If our culture and foreign policy seems contradictory, it is because there is a warped sense of morality embodied in liberals who think that we should just give every minority group that demands it, 'oppressed' status, and special rights and protection that will make them feel good. This politically correct view of reality is not reality, and it is currently fueling the culture war between moral absolutists and moral relativists. These contradictory value systems are affecting our foreign policy as well, because the two major political parties are roughly representative of the two moral systems.
He is risen! Alleluia! Mark 16:1-6
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Aviatrix  
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Rating: 0 of 0 votes Quote Aviatrix Replybullet Posted: 15 July 2006 at 10:33am
No, they don't belong to a particular religion, but I think there share some common beliefs--I want to identify them.

I think a warped sense of morality exists on both ends of the spectrum. The danger of identifying with one or the other is to see the opposite end as an extreme, viewing oneself as "moderate." In general, America does not sit at either the two extremes, nor should it. You cannot blame "liberals" for problems without accusing "conservatives" of their own; both sides are equally culpable in the nation's movement away from its old "values" and "traditions." In fact, the more these two groups try to polarize the nation, the further the entire country will find itself from religion. That's because the philosophies which are dividing the country are not religious in nature, but their importance is magnified by their appearance in daily life--the news, from employers, etc.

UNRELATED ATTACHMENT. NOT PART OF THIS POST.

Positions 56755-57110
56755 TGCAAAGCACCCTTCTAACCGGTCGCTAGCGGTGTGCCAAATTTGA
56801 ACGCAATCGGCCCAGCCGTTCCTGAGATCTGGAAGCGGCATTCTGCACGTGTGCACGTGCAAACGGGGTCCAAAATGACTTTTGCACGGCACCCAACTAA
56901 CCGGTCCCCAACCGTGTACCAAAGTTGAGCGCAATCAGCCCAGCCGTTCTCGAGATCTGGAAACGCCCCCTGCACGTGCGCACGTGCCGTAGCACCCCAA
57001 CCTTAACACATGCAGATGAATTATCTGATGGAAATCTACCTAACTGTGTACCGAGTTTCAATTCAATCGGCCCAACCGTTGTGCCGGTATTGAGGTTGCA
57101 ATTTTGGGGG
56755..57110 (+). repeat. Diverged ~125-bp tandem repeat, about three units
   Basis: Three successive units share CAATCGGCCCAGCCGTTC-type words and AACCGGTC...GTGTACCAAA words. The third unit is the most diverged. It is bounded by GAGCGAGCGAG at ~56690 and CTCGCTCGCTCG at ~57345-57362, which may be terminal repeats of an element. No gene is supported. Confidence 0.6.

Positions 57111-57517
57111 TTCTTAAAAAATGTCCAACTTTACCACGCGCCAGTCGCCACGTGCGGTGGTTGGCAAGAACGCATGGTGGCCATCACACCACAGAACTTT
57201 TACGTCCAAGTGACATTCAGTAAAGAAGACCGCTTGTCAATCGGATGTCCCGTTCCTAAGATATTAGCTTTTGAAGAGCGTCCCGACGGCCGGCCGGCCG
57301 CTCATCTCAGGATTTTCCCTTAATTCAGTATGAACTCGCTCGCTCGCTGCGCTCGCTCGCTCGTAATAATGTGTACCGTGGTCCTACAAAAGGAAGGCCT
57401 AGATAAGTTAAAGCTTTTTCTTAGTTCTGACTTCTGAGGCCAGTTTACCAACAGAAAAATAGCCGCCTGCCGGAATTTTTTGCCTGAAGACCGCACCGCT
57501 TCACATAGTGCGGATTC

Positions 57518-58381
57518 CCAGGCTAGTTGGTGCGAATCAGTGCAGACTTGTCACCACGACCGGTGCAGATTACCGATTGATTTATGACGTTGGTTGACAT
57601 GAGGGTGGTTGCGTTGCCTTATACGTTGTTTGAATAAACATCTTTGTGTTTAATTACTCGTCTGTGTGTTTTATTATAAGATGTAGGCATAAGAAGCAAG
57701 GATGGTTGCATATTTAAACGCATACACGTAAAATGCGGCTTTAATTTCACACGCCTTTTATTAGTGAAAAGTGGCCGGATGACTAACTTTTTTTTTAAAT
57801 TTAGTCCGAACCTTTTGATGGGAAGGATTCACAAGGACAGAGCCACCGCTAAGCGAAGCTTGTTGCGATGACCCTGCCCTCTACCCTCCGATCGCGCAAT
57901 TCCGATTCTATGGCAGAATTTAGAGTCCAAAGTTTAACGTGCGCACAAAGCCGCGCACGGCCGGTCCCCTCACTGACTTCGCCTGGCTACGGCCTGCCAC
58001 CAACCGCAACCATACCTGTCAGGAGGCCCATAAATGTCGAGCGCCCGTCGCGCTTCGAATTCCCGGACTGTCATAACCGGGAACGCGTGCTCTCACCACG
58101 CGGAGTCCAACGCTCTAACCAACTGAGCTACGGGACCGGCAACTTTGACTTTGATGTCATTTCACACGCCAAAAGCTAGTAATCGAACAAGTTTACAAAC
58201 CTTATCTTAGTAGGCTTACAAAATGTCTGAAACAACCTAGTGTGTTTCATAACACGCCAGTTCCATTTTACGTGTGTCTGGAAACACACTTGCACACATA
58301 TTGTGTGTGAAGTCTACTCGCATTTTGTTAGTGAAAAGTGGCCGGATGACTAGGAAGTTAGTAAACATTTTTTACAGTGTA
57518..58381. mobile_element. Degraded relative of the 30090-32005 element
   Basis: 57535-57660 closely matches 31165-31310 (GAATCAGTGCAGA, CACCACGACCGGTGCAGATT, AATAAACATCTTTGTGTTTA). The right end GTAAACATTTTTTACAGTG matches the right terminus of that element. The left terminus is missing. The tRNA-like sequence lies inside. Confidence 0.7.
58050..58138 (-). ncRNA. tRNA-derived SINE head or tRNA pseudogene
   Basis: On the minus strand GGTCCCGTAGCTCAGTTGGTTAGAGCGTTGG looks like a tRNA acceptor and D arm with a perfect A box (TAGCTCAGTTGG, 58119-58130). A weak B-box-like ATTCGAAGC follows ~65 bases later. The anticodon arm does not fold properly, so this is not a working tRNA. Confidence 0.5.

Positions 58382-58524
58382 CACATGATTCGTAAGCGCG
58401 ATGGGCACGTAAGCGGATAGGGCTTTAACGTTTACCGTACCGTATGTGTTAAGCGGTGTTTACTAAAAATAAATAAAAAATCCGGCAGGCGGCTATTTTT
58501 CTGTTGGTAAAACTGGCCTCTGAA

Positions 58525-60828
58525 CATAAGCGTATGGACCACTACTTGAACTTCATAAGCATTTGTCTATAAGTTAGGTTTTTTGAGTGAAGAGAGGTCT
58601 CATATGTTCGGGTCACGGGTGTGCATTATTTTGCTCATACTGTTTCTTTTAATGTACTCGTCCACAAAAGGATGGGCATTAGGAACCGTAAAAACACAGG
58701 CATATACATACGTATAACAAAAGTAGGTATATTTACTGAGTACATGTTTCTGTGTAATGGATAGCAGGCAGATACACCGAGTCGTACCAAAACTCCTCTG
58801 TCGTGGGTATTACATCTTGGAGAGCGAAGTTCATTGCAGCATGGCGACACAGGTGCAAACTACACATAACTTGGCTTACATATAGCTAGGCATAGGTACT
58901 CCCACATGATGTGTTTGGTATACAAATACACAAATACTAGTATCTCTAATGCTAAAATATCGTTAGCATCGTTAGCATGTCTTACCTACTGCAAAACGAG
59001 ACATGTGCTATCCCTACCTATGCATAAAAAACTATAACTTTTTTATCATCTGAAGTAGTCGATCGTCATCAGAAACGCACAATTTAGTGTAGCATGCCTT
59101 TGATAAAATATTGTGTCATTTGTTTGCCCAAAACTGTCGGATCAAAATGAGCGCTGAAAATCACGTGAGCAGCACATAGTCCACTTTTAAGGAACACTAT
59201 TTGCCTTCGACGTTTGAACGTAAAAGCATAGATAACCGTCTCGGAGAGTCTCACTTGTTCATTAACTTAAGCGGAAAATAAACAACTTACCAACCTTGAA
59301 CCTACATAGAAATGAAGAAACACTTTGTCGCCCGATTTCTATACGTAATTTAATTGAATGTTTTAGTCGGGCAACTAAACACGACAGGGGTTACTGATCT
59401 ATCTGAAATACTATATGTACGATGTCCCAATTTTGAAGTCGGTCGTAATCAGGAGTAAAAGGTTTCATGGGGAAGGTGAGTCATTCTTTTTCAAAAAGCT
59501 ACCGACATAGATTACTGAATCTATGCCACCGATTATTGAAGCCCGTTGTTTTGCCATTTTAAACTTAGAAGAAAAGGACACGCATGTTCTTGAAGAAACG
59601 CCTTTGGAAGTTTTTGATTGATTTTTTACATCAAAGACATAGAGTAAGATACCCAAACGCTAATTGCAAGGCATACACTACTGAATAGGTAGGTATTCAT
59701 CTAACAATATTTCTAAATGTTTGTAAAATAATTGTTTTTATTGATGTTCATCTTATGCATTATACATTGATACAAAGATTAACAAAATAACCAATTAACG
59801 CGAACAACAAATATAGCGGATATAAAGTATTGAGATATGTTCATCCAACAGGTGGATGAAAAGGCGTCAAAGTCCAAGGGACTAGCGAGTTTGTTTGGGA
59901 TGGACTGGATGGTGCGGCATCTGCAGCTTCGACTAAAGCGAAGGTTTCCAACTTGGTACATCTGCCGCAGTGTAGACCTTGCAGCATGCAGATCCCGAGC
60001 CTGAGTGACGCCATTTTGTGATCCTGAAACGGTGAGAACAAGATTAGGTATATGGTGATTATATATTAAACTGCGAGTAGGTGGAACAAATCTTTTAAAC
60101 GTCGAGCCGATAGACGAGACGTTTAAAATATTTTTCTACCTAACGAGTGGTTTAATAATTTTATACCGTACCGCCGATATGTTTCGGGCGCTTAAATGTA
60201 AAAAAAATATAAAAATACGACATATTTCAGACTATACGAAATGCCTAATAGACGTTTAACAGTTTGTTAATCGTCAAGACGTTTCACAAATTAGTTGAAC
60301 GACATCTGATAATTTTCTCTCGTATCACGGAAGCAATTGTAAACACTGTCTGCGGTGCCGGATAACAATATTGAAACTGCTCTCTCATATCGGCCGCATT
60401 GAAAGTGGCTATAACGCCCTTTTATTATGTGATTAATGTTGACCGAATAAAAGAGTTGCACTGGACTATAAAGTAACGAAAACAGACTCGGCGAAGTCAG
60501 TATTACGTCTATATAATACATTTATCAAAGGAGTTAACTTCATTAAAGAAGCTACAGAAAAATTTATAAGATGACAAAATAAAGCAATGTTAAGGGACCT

A "pre-emptive" attack is an aggressive act of war that is actually favored by a large minority in this country, if not the majority. (I think at least 40%). A much smaller portion of people are totally opposed to the concept at all. So tell me, what religion suggests that fighting first is the best fight? If this is an American value--attack them before they attack you--from what doctrine is it born?
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jimdi3  
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Rating: 0 of 0 votes Quote jimdi3 Replybullet Posted: 15 July 2006 at 10:55am
If this is an American value--attack them before they attack you--from what doctrine is it born?